Ranting aside, that's just how it is. At least for me.
there are still lots of different designers .... graphic designers (print), web designers (internet), creative designers (artistic)
all very different fields
There's different sides to this. I've seen designers come out of high school and they have a firm grasp on design principles, great art direction, they're excellent web developers and work equally well with print design. I've seen 19 year old kids design a site, build the site, build the CMS for the site, and then the identity for the entire brand with the site (not in that order). It's amazing. The start-up generation right now is killing it pretty hard.
But I've also encountered so many "designers" that have come out of universities with inflated egos that can't survive in the real world. It's shocking to me that so many designers out there have no illustration skills or real sense for how to create art for their designs. They're just used to pulling from stock art or passing it to an illustrator. Weird.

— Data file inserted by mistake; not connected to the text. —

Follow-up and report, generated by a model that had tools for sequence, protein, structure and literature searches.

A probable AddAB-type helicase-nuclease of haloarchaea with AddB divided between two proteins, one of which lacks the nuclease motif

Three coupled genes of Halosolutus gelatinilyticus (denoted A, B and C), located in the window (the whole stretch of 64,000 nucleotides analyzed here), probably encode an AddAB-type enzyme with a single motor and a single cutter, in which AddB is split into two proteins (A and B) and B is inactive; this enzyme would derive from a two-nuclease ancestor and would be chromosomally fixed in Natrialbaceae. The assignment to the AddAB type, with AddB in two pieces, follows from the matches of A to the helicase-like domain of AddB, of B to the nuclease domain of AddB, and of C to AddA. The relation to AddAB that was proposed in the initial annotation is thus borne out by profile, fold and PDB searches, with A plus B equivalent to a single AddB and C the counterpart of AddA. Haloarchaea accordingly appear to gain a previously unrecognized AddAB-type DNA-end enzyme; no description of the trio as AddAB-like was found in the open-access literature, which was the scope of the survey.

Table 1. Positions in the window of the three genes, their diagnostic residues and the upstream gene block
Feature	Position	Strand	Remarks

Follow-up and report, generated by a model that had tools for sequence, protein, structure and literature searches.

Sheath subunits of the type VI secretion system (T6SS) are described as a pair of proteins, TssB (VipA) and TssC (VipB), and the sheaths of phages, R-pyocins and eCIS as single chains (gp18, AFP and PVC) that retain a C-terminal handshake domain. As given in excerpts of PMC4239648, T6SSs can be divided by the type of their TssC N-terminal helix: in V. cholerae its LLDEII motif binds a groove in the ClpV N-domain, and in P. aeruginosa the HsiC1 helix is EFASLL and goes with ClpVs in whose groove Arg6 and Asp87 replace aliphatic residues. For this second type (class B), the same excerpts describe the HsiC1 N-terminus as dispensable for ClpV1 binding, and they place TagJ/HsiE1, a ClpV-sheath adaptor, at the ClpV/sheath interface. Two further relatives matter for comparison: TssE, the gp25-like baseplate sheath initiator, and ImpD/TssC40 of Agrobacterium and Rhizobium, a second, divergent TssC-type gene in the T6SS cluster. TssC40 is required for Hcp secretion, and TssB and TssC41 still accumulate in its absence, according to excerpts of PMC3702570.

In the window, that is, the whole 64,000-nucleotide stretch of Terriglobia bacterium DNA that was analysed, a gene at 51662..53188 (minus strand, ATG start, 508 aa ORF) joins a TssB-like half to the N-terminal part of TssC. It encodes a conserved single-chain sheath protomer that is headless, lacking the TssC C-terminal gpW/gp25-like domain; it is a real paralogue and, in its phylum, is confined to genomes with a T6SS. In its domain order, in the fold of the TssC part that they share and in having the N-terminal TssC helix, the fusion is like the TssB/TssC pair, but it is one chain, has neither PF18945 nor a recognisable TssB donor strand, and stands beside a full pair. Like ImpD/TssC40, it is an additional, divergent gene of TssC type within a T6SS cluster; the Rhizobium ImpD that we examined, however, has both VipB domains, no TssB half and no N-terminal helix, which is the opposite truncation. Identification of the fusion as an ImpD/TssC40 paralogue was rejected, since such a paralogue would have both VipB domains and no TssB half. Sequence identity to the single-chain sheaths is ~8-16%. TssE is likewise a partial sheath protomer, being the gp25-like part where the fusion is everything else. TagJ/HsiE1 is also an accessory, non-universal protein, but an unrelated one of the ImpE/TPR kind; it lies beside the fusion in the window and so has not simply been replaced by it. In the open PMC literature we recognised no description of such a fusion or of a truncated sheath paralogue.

That is in no way a knock on going to college or not going to college.
you are right about the "start-up generation".... I see this problem as more generational than educational however... the design students in my school understand that coding is just another type of form-making... they learn letterpress in the morning and OOP in the afternoon... however, many designers (and design programs) are stuck in the past...